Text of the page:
I set out to bring electronic dance music producer Daniel Savio and his music into my version of the intergalactic future where fogged-out polygonal landscapes, structures, and beat-matched 3-body problem spheres casually hang out with a gargantuan laser-lactating disco ball feeding the sun.


Browser VR Experience


Daniel Savio
House of Wisdom



What I did
Awards & Mentions


An INSANELY rare recording of this WebGL VR experience I managed to make before it went to the place where unsupported realtime music videos go.


As a mind boggingly futuristic and awesome bonus feature to the Nigredo EP is a semi-interactive virtual world. You, esteemed visitor, are therefore invited to a neverending race on EXDS-2, a inverto-spherical off-world colony built for one purpose and one purpose alone: to keep blasting out Daniel Savio’s NIGREDO EP until the sun burns out for good.

I just wanted to make a fun 360 degrees VR experience utilising the rhythm of a song to animate objects, lights, cameras and colours, featuring “magic-auto-editing-mode”, a behaviour-driven system that randomly selects cameras to the beat. And I wanted it to be accessible for everyone on desktop and smartphones without having to download anything before watching it.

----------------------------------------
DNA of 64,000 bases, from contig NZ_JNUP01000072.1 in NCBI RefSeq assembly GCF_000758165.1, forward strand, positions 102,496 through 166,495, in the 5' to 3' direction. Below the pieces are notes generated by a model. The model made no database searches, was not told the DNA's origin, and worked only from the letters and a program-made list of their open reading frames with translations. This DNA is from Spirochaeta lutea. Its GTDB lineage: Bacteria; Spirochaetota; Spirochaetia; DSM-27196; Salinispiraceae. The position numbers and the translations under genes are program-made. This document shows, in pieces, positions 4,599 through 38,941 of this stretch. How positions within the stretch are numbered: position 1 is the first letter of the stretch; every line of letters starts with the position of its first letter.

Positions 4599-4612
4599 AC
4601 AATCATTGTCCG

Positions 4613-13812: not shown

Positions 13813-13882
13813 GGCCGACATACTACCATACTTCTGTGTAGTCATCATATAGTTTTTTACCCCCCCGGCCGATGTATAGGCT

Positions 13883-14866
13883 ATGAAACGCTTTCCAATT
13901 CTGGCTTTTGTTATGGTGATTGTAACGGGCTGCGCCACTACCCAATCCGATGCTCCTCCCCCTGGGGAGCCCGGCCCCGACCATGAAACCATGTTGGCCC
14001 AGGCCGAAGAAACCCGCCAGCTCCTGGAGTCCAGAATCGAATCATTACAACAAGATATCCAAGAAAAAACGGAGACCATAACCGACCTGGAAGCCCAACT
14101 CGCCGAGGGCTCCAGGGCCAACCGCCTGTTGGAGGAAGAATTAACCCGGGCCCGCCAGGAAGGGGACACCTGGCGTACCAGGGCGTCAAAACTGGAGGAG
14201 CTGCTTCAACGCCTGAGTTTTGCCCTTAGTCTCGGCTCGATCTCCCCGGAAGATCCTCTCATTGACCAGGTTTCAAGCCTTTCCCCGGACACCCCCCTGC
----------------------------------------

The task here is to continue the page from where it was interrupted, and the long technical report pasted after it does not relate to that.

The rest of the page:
I revived an old racing game idea of mine set inside a cylinder. Some of the inspiration came from the classics – “Rendezvous with Rama” and the kick-ass racing game WipeOut by Psygnosis, designed by the Designers Republic.


I jumped in and started with old-school planning on paper, then started creating everything – 3D models, environments, animation tests, in Maya. Finally, everything landed in our WebGL tool for animation and interaction implementation, syncing lights, graphics, colors, you name it, with the lush electronic beats from Daniel Savio.


It’s not every day you get to turn your own game concept into a trippy VR experience. Honestly, I’m pretty stoked about how it turned out.

Sadly this happy little WebVR experience is no longer online because of a horribly mismanaged company that was hosting the data. But luckily enough I remembered to record a real-time session for posterity.


Enjoy some random shots from the project. More to come when I dig up the work files from a hard drive that is currently somewhere, somehow and sometime.